Caffeinated ideas and views on marketing communications

customer feedback

It’s not always about the money (customer feedback part 1)

Going by the emails I receive, some companies think that I don’t do business with them solely because I can’t afford to.

money-9-1238441-1279x850Every few weeks, a yoga studio I used to attend until my favorite teacher left sends me a dollars-off promotion. Come back, they say, here’s an $8 discount.

Then there’s the company that is always sending me discounts for handyman services.

 

And there’s a cosmetics company that sends emails telling me how I can get a free something or other with purchase (Only today! Only friends and family!).

It’s not about money.

None of these companies has any idea why I am not a return customer. They’ve never asked me, but I’ll tell you my reasons.

I haven’t been back to the yoga studio because I don’t like the teacher that is currently teaching during the time slot that is convenient for me. Additionally, I hurt my shoulder and I can’t do yoga right now.

I haven’t used the handyman company because I don’t have a current need. That’s not to say I won’t in the future, but there’s nothing (knocking on wood here) that needs fixing right now.

The cosmetics company just yesterday was offering me a free lash-extender mascara. I wear contact lenses and I never use mascaras that extend because it bothers my eyes, so even a free mascara is not an enticement.

But at least they are tracking.

To their credit, these companies have noticed that I haven’t been a customer for a while and they want me back. But they err in thinking that doing business is simply about money.

Here’s the thing: Getting customers back is not as easy as offering a discount or a gift with purchase. You have to understand what motivates your customer.

The decision to buy something or do business with a company is often about more than just price. There are other factors, both tangible (e.g., need, convenience, timing) and intangible (e.g., trust, satisfaction, appreciation) that affect whether you shop somewhere or buy a certain product.

Sometimes, you have to ask.

If you’ve lost business or aren’t getting repeat business, you have to ask why. Don’t assume that everything can be fixed with a dollars-off promotion. Companies are collecting emails to do marketing or to send reminders. Well, they can also send a survey or even a personalized email.

Imagine how much more effective it would be if the yoga studio owner sent me an email saying she’s noticed I haven’t been there in several months and she’d like to know if I am still living in town or doing yoga.

How do you track your clients or customers? How do you entice them to come back? Let me know what works for you in the comments.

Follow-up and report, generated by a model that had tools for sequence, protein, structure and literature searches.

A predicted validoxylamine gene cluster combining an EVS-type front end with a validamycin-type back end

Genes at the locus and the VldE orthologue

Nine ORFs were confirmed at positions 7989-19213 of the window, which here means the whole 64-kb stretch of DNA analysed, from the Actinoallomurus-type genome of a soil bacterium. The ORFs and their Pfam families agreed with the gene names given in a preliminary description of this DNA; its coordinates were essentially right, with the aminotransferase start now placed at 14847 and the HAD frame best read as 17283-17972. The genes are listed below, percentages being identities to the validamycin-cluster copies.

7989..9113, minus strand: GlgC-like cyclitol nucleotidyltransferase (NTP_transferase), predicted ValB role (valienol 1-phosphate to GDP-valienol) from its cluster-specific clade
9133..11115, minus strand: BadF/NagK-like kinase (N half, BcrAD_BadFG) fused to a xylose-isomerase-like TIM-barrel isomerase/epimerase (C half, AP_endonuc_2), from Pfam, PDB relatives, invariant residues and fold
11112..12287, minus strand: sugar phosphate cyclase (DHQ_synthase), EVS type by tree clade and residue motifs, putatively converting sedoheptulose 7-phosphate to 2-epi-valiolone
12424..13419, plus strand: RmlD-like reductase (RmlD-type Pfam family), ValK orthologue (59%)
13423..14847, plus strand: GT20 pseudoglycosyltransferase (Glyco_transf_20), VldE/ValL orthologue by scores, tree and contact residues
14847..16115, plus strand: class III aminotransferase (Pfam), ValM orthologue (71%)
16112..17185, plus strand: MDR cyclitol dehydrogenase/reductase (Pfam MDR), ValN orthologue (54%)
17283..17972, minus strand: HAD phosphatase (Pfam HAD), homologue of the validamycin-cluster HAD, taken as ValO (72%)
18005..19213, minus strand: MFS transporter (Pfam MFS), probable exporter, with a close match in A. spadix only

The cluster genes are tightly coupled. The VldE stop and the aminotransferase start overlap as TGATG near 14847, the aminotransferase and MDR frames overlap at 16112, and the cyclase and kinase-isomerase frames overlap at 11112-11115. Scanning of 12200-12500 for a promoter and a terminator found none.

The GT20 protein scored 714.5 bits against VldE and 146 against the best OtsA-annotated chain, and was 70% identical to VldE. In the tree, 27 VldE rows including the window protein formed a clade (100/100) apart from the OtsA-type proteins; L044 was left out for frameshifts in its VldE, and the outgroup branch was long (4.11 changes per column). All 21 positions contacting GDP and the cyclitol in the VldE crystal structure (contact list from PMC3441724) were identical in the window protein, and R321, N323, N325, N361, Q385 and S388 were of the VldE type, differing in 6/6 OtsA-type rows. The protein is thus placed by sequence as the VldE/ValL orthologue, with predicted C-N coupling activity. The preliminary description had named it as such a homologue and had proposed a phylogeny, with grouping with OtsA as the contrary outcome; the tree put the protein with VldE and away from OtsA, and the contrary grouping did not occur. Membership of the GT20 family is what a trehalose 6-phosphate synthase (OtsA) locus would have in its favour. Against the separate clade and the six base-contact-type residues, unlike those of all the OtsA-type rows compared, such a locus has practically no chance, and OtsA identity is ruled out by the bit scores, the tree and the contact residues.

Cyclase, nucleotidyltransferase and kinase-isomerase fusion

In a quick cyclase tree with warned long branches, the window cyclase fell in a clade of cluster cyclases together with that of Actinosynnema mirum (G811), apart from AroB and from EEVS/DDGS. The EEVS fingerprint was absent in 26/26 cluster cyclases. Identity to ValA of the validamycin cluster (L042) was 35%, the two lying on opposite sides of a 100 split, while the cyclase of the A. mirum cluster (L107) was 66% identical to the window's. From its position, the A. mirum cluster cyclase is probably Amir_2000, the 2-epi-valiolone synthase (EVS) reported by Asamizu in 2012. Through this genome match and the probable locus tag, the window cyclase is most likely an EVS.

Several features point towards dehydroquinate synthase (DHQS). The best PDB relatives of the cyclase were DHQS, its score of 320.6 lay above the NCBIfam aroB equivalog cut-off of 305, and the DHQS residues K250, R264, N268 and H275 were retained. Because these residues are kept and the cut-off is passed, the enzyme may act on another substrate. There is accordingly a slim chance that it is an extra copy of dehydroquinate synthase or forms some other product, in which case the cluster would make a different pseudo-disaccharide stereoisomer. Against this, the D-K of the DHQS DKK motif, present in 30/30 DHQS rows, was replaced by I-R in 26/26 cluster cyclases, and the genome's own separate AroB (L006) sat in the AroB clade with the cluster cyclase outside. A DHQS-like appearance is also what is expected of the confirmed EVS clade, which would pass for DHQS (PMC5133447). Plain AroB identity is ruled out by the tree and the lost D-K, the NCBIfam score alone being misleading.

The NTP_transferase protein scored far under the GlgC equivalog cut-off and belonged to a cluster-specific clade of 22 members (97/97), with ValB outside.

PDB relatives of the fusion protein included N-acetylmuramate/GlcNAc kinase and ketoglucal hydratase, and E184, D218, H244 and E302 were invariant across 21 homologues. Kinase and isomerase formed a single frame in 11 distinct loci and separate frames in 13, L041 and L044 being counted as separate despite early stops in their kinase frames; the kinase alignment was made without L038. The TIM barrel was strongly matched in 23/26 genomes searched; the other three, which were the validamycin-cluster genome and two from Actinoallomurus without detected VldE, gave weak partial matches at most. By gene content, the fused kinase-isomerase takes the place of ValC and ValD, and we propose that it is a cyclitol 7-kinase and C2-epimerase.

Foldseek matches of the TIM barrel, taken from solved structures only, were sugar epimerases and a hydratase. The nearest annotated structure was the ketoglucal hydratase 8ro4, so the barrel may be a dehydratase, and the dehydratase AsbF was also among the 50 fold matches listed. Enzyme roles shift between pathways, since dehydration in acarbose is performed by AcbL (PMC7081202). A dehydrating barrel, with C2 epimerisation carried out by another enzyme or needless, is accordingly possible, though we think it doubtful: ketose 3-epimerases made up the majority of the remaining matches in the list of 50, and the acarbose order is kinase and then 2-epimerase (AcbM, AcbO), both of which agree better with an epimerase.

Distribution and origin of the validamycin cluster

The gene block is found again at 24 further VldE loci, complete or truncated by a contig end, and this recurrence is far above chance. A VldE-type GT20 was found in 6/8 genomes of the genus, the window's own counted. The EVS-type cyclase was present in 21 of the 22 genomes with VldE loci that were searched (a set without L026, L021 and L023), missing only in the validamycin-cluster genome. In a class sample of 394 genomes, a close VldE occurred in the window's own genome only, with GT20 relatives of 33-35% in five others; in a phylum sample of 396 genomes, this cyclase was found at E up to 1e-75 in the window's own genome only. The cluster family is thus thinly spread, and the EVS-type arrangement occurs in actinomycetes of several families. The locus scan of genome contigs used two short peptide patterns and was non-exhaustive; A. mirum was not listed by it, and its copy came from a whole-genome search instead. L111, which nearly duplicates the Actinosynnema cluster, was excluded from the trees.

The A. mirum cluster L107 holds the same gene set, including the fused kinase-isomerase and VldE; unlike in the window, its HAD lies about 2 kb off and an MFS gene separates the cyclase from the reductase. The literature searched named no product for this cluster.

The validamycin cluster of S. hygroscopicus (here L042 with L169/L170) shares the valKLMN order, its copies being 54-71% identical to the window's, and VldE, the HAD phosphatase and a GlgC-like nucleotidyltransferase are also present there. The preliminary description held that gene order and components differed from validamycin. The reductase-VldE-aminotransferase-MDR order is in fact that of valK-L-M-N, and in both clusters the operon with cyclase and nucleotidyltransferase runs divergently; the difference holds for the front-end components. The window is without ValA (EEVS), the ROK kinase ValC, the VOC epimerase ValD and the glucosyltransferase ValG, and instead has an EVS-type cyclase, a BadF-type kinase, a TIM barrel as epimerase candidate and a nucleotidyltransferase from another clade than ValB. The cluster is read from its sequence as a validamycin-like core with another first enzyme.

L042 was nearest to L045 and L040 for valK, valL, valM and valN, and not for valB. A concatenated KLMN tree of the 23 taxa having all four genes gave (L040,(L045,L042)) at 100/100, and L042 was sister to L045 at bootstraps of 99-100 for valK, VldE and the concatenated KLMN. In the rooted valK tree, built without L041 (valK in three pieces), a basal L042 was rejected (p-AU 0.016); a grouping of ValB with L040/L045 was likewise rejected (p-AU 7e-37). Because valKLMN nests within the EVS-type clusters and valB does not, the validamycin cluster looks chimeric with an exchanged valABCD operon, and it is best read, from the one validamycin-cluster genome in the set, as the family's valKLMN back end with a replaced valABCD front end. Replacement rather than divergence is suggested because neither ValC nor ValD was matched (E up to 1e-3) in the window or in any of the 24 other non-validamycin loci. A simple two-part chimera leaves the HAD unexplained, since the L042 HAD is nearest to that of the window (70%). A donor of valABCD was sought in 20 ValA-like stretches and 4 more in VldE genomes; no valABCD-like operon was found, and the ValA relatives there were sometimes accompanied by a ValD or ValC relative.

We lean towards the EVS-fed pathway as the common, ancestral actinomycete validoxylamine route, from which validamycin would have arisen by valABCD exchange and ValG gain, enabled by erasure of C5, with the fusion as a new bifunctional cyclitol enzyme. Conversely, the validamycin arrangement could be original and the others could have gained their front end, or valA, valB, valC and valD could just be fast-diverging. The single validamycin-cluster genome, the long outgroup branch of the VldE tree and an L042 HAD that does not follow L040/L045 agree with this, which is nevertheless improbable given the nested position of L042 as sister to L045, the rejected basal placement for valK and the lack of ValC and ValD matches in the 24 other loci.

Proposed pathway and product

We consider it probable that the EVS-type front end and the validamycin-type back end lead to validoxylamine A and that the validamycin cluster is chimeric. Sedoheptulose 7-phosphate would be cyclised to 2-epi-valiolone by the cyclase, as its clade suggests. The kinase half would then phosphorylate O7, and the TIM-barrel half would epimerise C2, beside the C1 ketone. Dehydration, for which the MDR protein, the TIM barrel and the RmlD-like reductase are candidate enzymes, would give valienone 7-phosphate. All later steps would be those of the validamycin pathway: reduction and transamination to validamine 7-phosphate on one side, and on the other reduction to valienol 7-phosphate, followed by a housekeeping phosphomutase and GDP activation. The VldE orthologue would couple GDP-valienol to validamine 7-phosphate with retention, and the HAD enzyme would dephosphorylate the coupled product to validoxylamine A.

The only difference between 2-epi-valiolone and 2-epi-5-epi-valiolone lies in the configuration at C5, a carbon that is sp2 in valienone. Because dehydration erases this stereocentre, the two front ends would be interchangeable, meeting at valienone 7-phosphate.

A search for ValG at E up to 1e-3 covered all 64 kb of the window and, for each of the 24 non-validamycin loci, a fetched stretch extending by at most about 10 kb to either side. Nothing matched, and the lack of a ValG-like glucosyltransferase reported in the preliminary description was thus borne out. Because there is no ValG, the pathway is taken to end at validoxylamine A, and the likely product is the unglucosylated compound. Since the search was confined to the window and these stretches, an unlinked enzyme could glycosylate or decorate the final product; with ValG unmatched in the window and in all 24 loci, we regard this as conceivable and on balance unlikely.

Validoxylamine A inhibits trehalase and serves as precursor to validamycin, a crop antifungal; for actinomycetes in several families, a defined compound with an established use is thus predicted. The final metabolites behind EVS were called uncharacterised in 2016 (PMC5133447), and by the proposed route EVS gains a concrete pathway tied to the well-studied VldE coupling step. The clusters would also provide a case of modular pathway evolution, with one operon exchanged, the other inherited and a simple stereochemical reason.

About Deborah Brody

Deborah Brody writes and edits anything related to marketing communications. Most blog posts are written under the influence of caffeine.

Why getting feedback is important

If something is wrong with your product, don’t you want to know about it? I think you do (and if not, you should!). Well, many marketers sometimes “forget” to include an essential piece of information: an address and/or telephone and/or email address that can be used for feedback. Some marketers don’t want to be deluged with calls or emails so they either exclude this information or make it very hard to find. This is not a good tactic. It can backfire–you could lose a customer or many, especially if the issue is one that is repeatable. Let me give you two examples.

I had bought anti-virus software at a big-box store. I installed it, and it worked great. Of course, after  a year, it told me I needed to update. The update was more expensive (of course) and could only be received via online download. Long story short, the update did not work. It screwed up my computer, and worse, I couldn’t get it completely off my computer. I had to have a computer guy come remove the hard drive and delete all files relating to the software. Well, I tried to contact this software company. Was there a customer service number or an email? No. For tech support yes (the aforementioned Raj in India was not very helpful getting resolution to the problem). In any case, I had no recourse and the company was not going to find out that their software has a bug in it. I will NEVER buy from this company again. Ever. Again.

Second case is maddening. For years, since I started my business, I advertised on a marketing site. I got a good number of hits from there, and so I paid for premium positions. Well, with very little fan fare, the site changed, and the writer category was transferred to a new domain. Apparently, the company did not advertise the new domain as well as the old one, and I got not ONE hit from the new domain. Meanwhile, every two months or so, I get an email from the site asking me to upgrade to a premium (read paid) subscription. I wanted to email that I would not because the site was not sending any hits. There was absolutely no email address to write to. And so when I see the emails coming from the company, I delete them. Is the owner of the site wondering why a former advertiser is no longer advertising? Is he concerned? If he is, he certainly doesn’t want MY feedback. He only wants my credit card number. He can’t even begin to address my concerns if he doesn’t have them.

Bottom line, feedback is essential. Without it, you could have a defective or malfunctioning product on the market and no way of knowing about it. I am sure getting a ton of email can be a problem, but a bigger problem can happen if you start getting bad word of mouth and your sales start tanking. It’s like putting a coin in the meter–it’s annoying but not as annoying as getting a ticket!

About Deborah Brody

Deborah Brody writes and edits anything related to marketing communications. Most blog posts are written under the influence of caffeine.

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